We have hunted for years, but rarely use the USGS topos. So, on these USGS topo maps, if it is an "X" only, with no "BM" or triangle, I should not expect to find any physical object set by a surveyor - is that correct?

This was a general question but currently I am searching for the location of a U.S.G.S. mark set between 1910 and 1919 somewhere in the vicinity of the Yachats River Road on the map. The mark has since been destroyed but may or may not have been recorded as such. I believe the elevation of the mark was 44 feet but I am still trying to confirm that. It looks like the mark was NOT at 64 feet.

 

Thanks

Edited by TillaMurphs

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So, on these USGS topo maps, if it is an "X" only, with no "BM" or triangle, I should not expect to find any physical object set by a surveyor - is that correct?

[/b]

This was a general question but currently I am searching for the location of a U.S.G.S. mark set between 1910 and 1919 somewhere in the vicinity of the Yachats River Road on the map. The mark has since been destroyed but may or may not have been recorded as such. I believe the elevation of the mark was 44 feet but I am still trying to confirm that. It looks like the mark was NOT at 64 feet.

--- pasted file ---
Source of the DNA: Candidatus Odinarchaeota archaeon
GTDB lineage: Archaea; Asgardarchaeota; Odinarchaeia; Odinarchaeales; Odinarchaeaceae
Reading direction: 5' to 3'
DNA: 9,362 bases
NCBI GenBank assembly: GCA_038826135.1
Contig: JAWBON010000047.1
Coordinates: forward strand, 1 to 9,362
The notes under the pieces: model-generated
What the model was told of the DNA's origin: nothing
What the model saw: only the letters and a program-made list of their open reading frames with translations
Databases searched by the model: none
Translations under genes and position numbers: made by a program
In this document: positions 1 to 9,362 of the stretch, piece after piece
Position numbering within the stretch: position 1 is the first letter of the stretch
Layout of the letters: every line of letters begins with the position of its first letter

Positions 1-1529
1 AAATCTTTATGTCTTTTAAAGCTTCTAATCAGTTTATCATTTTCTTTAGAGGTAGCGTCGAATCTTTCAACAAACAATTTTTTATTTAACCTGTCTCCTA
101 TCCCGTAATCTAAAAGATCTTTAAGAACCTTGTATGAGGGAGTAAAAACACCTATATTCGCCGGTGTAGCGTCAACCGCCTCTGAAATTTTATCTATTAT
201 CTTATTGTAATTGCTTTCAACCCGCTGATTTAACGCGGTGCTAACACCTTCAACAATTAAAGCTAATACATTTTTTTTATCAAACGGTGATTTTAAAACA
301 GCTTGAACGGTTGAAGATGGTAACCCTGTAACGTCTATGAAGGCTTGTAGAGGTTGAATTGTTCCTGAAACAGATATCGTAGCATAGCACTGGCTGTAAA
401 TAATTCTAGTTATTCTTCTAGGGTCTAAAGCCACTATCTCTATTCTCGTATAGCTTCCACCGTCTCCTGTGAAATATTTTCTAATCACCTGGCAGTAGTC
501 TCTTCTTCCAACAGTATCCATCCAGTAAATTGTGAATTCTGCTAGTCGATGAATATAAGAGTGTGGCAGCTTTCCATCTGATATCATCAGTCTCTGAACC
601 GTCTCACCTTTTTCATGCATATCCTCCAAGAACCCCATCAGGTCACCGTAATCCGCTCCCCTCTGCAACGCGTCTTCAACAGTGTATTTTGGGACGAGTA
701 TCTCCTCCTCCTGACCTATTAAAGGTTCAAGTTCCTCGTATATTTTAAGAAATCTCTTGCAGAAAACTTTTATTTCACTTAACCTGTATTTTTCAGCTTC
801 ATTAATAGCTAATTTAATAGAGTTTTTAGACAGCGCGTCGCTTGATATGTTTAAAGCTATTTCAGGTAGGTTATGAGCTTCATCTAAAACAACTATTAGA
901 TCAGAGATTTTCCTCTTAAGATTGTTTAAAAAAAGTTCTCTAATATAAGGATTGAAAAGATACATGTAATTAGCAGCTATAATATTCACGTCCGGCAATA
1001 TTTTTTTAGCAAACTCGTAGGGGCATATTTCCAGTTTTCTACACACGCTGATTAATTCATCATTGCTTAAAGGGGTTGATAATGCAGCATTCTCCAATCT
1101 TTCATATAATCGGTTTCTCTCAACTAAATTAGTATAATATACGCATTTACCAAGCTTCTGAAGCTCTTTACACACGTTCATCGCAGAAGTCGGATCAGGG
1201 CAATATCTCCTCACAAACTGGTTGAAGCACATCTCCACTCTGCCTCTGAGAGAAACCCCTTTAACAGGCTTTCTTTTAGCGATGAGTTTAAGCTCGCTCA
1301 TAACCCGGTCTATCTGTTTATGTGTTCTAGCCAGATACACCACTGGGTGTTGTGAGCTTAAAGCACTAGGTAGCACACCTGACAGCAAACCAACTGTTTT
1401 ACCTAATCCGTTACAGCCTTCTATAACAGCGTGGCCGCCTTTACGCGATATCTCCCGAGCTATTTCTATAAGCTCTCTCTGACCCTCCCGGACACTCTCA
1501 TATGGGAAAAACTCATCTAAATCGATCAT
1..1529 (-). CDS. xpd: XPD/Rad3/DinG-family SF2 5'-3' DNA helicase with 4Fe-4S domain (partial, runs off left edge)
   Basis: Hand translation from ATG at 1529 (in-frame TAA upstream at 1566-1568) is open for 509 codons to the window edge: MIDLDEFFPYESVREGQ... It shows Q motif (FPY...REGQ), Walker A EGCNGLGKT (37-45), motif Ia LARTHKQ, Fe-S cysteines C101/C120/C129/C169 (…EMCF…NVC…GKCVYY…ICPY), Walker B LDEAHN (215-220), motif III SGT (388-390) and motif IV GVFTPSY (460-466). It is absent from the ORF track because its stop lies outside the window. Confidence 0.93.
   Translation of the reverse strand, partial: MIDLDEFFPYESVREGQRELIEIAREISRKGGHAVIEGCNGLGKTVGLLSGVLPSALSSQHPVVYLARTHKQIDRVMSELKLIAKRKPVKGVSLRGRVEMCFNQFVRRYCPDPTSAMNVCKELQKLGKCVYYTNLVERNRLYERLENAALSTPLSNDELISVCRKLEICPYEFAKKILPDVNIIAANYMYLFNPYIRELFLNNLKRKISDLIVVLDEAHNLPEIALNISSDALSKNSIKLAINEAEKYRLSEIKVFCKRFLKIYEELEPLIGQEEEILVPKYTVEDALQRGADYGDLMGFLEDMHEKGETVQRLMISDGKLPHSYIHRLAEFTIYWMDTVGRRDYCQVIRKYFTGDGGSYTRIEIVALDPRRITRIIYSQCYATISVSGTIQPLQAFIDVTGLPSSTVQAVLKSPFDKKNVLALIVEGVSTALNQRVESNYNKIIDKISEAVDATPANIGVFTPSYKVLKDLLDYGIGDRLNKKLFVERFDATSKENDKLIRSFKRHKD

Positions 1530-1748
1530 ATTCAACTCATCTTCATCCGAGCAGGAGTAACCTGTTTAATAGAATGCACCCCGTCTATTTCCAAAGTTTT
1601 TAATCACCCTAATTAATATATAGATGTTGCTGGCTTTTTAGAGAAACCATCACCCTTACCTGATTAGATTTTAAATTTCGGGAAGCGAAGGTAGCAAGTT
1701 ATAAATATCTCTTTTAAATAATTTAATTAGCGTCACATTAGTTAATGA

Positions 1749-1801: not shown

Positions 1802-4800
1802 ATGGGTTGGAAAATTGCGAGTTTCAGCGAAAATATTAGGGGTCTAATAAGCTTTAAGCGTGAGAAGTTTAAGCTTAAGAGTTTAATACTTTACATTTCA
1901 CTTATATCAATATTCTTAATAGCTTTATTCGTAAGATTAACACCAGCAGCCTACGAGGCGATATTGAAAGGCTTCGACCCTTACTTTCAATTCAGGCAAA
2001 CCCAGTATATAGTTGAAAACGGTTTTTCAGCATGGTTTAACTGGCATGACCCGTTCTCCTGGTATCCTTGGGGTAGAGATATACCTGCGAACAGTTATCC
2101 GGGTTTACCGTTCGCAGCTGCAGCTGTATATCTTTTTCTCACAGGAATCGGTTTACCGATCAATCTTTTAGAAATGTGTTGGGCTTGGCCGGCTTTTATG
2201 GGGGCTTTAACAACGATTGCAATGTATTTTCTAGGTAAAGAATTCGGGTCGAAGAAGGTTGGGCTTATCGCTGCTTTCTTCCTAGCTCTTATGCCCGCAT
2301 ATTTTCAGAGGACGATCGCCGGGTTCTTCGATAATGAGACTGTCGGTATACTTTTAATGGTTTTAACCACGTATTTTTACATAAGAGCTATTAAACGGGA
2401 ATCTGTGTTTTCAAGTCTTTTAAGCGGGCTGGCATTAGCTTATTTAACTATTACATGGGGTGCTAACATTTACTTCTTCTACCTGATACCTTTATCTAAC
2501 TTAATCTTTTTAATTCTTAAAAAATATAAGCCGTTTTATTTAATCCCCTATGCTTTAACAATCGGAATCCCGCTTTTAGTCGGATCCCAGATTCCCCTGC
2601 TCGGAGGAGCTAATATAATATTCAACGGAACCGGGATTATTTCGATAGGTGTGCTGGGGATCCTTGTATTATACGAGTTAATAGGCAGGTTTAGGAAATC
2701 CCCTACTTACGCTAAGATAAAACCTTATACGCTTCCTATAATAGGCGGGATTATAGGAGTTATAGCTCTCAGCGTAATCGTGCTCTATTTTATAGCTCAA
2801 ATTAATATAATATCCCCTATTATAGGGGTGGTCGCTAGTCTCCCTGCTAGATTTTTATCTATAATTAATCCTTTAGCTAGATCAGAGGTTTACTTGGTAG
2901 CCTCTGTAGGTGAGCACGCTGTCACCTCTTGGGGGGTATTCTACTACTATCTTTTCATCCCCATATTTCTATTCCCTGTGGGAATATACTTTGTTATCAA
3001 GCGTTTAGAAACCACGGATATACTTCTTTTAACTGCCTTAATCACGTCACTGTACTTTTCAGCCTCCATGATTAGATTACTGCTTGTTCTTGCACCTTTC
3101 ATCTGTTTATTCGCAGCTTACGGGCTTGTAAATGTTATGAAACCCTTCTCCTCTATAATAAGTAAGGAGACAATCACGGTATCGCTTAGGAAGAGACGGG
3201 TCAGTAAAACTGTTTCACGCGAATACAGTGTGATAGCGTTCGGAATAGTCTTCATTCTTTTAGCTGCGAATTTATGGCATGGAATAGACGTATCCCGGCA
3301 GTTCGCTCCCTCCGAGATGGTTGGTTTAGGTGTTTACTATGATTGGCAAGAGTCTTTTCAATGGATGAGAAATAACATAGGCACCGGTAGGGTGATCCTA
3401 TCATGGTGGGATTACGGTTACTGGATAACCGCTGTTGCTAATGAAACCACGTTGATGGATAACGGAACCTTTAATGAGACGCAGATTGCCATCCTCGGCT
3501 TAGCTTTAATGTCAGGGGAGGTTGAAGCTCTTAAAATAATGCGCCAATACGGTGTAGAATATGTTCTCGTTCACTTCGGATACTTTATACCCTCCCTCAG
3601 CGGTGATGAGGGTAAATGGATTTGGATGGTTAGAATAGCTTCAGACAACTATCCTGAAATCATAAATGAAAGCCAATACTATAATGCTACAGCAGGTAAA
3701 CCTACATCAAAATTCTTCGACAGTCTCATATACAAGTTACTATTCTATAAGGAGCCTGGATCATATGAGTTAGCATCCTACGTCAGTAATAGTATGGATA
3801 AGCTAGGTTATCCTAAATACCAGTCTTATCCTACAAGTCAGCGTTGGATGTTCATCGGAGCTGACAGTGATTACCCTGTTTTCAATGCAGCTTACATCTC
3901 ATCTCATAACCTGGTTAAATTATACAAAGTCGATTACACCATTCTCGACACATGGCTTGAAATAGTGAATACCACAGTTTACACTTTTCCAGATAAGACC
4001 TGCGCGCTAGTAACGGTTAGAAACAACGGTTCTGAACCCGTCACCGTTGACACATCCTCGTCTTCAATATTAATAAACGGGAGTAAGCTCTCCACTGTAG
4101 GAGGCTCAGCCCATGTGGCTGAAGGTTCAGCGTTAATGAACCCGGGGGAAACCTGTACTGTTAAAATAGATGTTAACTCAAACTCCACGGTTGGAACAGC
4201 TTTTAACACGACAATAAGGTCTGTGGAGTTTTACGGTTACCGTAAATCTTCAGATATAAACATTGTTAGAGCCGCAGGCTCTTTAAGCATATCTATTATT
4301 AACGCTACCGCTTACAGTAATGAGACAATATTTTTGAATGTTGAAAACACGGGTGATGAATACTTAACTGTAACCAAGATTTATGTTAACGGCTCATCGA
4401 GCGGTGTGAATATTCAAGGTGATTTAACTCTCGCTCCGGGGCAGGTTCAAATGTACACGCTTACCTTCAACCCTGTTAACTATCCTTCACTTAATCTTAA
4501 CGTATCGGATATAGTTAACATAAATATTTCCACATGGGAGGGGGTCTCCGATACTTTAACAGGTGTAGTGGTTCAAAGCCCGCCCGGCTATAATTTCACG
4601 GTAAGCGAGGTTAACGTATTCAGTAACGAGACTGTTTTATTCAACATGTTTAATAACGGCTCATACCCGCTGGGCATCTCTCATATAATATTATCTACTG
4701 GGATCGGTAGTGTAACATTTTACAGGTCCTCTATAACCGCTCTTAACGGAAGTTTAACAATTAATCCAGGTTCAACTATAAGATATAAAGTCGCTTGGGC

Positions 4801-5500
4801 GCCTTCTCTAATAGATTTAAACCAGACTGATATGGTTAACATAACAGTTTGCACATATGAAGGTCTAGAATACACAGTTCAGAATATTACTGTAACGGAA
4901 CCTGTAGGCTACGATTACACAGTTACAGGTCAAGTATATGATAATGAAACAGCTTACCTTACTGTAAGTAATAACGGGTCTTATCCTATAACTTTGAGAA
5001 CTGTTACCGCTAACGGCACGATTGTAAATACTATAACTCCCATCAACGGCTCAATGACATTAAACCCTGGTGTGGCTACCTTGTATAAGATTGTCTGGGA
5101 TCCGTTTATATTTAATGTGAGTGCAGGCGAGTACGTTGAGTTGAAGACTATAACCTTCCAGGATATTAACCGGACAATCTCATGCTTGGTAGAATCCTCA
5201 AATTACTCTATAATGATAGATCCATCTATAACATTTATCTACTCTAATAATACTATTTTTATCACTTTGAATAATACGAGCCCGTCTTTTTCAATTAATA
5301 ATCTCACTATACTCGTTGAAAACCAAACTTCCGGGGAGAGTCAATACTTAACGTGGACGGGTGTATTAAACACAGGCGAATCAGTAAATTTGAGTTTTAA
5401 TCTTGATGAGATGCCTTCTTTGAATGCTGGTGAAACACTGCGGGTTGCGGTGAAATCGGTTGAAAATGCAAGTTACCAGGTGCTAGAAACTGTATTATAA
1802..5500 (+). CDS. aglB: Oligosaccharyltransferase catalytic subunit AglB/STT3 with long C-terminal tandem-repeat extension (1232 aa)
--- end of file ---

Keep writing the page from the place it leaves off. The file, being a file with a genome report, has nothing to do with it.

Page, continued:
Thanks

 

You're welcome for the help. Yes, an X without the BM symbol should not produce a disk. As for the mark you're trying to find... assuming that it's in the NGS database, you can search for it, even without the name of the mark. This should help to narrow the focus of your search, and help you to corroborate the benchmarks shown on the map. Go to http://www.ngs.noaa.gov/cgi-bin/datasheet.prl and click on Datasheets, then enter a search. You might try, for example, entering a "Rectangular Search," which means that you'll search by ranges of longitude and latitude, or a "Radial Search" which means that you'll search for benchmarks that are within a certain distance of a specific longitude and latitude. You do not need to know the designation of the mark for either search, but the mark's designation will be part of the search results. The year that a mark was set is part of the results, so you'd be looking for something set between 1910 and 1919 and, from what you mentioned, marked as destroyed. The second-from-the-right column of the search results is the mark status: S = set and not yet revisited; X = destroyed; N = not found; O = other (bring up the datasheet to see specifics); G = good, P = poor. Unless you know for sure that the mark has been destroyed, don't necessarily rely completely on this status. A mark that's "good" might not have been revisited in decades and has been destroyed. A mark that's "not found" could still exist, and I've seen quite a few datasheets in which the NGS designated the mark as "not found," only to find the mark in a subsequent visit and mark it as "good."